Tuesday, March 25, 2014

Two Cents on Birner's 'The Cambridge Controversies in Capital Theory'

I just finished perusing Jack Birner's "The Cambridge Controversies in Capital Theory" (see here). My brief take is that although the author provides a thorough and lucid analysis & exposé of the debates, I certainly do not agree with his assumption that the issues involved primarily dealt with a fundamental difference over research programmatic technique & methodology, with ideology being merely secondary, if not superfluous. This is quite untrue; ideology was at the very core! For more on this, I recommend G.C. Harcourt's "Some Cambridge Controversies in The Theory of Capital" (see here) and Andrés Lazzarini's "Revisiting the Cambridge Capital Theory Controversies: A Historical and Analytical Study" (see here).

13 comments:

  1. In fact, the Cambridge controversies are another episode in a long story where ideology is certainly involved: Marx vs vulgar economy, Veblen vs JB Clark (with Clark saying each class receives according to marginal productivity and Veblen saying each class appropriates a part of the surplus), and finally the Cambridge controversies. As Avi Cohen and Geoffrey Harcourt write in their 2003 article on JEP, Joan Robinson was "citing Veblen and raising the spectre of Marx"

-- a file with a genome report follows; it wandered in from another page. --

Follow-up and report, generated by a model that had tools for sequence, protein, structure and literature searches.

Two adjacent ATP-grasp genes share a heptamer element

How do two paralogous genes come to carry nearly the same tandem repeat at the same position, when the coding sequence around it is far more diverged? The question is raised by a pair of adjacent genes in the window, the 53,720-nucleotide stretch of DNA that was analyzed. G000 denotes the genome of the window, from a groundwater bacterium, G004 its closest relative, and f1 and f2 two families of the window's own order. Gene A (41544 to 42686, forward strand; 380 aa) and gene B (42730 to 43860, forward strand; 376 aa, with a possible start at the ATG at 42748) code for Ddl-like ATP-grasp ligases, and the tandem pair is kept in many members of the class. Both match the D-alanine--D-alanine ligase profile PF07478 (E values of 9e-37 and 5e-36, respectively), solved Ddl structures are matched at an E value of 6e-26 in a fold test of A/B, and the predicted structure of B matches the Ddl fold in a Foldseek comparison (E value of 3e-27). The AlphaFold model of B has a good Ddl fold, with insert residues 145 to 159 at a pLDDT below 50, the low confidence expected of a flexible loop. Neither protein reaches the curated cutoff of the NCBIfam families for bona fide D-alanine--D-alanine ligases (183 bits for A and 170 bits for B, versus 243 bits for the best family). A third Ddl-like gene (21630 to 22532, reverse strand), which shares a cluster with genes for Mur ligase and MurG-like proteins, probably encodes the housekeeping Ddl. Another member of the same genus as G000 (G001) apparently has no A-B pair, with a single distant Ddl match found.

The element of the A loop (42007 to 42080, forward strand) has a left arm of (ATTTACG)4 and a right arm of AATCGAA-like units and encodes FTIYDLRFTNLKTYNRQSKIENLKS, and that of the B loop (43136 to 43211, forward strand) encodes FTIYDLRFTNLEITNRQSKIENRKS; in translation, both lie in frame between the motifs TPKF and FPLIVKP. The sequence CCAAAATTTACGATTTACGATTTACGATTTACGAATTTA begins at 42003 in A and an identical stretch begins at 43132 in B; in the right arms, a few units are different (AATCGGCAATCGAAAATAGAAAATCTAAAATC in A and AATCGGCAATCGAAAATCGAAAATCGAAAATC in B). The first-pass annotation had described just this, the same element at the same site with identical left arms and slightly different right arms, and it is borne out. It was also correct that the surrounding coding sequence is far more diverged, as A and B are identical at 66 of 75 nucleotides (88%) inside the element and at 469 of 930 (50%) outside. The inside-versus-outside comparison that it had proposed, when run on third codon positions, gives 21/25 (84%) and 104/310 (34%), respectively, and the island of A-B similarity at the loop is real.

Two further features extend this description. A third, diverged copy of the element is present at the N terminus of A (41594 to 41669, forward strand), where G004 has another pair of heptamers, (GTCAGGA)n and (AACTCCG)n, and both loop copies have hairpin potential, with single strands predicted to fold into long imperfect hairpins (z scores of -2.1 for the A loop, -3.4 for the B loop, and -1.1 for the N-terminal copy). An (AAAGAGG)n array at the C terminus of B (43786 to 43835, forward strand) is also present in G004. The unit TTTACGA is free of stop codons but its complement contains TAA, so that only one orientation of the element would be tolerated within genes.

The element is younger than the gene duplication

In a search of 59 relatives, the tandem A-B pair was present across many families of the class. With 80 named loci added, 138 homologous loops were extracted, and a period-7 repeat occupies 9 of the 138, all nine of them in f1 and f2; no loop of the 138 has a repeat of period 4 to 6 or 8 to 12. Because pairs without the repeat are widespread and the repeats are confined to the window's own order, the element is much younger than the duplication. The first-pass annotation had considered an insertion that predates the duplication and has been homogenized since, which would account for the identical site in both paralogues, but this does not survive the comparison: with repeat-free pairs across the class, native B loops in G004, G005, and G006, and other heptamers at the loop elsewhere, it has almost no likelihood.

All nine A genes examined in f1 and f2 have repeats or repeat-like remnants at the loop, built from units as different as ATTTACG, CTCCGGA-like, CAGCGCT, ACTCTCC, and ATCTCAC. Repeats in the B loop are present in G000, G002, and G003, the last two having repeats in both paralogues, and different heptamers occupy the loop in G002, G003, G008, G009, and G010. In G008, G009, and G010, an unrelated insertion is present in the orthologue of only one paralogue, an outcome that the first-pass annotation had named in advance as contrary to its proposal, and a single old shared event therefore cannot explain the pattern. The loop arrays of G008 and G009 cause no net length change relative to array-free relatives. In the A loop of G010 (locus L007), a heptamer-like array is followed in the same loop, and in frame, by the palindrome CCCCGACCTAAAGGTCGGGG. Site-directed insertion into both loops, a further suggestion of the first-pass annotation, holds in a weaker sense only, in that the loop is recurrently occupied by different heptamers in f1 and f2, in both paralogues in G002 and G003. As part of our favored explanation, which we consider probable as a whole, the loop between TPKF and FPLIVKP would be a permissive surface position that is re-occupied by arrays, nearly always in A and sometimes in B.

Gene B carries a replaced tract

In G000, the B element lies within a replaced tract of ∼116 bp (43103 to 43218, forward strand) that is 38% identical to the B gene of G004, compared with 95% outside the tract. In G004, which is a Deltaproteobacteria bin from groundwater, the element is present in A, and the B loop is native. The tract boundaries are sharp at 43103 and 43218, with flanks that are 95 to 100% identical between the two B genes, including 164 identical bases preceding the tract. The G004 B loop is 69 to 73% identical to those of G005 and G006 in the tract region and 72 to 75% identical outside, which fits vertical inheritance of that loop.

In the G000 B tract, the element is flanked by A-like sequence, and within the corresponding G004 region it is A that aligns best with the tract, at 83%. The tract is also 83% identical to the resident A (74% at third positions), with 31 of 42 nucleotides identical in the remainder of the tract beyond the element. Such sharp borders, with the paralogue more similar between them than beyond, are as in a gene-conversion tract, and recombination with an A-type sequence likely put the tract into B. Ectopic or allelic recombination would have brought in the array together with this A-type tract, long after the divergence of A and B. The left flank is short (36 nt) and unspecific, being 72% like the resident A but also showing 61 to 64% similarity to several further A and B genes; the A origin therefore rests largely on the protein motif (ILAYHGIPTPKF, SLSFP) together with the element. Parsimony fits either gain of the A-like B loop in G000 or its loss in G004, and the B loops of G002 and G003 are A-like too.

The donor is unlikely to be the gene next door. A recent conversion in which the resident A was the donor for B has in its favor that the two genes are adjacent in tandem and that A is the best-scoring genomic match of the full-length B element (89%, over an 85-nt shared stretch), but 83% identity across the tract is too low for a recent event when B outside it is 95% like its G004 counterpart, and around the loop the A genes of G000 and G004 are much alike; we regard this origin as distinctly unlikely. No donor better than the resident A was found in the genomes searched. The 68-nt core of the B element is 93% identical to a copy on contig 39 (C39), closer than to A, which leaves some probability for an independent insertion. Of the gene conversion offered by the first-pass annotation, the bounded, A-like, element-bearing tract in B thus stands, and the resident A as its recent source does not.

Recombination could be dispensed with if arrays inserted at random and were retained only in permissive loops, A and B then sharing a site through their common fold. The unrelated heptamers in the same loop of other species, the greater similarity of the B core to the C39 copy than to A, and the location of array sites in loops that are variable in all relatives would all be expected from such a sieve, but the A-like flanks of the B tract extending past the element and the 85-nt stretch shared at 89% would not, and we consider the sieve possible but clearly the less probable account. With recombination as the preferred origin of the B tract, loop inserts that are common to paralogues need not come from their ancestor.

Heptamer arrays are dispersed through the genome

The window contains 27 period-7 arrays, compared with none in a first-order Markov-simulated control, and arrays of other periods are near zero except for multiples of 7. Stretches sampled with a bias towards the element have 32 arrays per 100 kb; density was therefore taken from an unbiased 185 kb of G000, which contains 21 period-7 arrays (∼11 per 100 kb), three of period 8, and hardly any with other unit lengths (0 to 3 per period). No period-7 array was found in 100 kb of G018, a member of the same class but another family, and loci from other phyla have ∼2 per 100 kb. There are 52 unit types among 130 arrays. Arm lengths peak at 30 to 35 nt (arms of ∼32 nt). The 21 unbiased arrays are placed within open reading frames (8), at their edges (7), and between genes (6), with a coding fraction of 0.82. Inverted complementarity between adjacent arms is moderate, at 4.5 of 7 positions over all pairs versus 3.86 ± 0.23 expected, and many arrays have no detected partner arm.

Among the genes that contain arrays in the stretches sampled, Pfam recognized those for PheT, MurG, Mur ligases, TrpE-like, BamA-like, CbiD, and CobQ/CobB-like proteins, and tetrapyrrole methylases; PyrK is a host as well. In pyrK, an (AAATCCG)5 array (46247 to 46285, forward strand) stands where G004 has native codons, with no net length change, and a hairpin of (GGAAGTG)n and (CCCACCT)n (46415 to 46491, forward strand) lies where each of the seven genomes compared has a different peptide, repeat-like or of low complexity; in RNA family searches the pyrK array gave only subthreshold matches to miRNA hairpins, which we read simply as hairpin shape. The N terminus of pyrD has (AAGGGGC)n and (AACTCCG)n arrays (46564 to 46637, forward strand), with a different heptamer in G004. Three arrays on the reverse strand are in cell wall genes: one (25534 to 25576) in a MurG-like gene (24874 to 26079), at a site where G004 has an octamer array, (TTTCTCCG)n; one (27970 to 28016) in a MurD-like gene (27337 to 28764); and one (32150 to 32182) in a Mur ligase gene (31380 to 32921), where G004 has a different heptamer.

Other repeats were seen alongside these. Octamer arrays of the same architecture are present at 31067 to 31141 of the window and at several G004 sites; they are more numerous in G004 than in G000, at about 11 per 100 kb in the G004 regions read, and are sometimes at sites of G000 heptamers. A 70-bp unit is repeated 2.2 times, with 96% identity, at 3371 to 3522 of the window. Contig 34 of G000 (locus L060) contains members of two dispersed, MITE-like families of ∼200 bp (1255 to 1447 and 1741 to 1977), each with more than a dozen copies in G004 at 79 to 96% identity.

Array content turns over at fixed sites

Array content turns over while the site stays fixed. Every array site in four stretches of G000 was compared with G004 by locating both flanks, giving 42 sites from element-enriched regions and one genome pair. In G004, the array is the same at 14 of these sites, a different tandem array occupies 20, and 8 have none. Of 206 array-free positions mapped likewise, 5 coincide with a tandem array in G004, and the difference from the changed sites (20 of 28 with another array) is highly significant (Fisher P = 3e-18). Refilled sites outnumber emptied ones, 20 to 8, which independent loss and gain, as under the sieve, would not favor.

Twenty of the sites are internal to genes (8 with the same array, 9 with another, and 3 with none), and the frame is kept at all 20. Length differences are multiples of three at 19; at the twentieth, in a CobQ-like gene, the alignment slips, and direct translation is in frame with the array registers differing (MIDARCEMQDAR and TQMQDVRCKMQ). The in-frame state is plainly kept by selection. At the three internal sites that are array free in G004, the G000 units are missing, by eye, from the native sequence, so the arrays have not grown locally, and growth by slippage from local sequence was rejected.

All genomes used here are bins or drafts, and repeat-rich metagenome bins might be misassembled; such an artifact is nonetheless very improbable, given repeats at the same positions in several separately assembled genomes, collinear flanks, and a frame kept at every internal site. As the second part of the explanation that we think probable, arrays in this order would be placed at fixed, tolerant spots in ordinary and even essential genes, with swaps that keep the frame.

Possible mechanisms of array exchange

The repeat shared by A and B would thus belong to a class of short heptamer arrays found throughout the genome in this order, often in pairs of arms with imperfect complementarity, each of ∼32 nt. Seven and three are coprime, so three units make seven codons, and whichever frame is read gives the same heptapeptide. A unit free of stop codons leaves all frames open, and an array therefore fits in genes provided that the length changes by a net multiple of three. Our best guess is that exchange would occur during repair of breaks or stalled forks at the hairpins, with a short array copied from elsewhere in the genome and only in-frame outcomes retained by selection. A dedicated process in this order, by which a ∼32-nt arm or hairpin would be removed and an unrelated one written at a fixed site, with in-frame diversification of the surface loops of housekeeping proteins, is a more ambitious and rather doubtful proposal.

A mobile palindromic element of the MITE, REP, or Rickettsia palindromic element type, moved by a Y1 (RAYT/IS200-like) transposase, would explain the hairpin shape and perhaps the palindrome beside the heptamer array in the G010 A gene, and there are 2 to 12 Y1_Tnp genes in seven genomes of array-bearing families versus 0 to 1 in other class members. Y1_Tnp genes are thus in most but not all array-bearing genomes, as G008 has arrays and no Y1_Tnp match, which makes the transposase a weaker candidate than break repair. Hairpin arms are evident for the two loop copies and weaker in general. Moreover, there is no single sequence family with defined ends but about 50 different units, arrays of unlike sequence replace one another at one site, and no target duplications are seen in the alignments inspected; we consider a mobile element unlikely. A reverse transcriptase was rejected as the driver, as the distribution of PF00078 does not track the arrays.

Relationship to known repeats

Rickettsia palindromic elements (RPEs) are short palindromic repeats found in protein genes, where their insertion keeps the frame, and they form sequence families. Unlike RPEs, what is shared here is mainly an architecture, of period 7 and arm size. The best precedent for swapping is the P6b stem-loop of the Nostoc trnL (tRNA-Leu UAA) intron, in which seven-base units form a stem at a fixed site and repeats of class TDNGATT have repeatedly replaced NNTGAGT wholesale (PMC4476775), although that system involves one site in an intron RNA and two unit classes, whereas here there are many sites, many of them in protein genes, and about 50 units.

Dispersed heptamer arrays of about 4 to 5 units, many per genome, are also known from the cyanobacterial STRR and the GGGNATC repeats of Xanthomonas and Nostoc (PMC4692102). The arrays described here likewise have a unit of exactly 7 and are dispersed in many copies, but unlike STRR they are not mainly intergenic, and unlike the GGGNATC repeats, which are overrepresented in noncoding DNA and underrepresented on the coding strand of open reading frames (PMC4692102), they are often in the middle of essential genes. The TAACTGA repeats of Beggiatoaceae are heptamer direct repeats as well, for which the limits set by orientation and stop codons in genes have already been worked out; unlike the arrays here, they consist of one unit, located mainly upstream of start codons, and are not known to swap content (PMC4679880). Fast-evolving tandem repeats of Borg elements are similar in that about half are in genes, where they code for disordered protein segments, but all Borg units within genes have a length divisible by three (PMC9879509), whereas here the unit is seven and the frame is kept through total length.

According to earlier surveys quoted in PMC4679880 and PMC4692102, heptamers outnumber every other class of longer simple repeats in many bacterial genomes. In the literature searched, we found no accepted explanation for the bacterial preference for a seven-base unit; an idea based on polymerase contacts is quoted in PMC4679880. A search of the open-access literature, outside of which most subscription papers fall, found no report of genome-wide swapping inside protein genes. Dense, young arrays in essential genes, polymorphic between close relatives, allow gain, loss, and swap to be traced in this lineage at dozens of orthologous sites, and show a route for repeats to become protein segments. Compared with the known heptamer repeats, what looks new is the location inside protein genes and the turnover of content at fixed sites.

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    1. A paper on ideology in economics that I would consider a classic is "Rationality and Ideology in Economics" by Duncan Foley - http://articlescache.org/homepage.newschool.edu/ratid.pdf

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    2. Moreover, I agree wholeheartedly with your comment on the capital controversies and ideology. In fact, Dr. Matias Vernengo's History of Economic Thought course, which I took at Utah, was invaluable in this respect. The following, which he assigned, are what I consider few of the primary pieces concerning the relationship between epistemology, methodology, and analysis:

      Garegnani, P. (1984), “Value and Distribution in the Classical Economists and Marx,” Oxford Economic Papers, 36, pp. 291-325.

      DeVroey, M. (1975), “The Transition From Classical to Neo-Classical Economics: A Scientific Revolution,” Journal of Economic Issues, 9

      Lawson, T. (1989), “Abstraction, Tendencies and Stylized Facts,” Cambridge Journal of Economics, 13(1), pp. 59-78.

      Lunghini, G. (1998), “Political Economy and Economics,” in H. Kurz and N. Salvadori, eds., The Elgar Companion to Classical Economics, Cheltenham, Edward Elgar

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    3. That is a great reading list. And there are connections between these topics which must be explored. I think Lawson's conception (as developed in the article you mention) helps interpreting Garegnani's notion of normal position (as Garegnani preferred to call it later in life in order to avoid the confusions generated by the term "long period" which he uses in the article you mention), and makes Garegnani's conception consistent with Sraffa's references to "instantaneous photographs" in his manuscripts (even Garegnani was not sure it could be made consistent with it, I argued it can in a book that came out recently). Keep up the good work, this is an excellent blog, I must come here more often.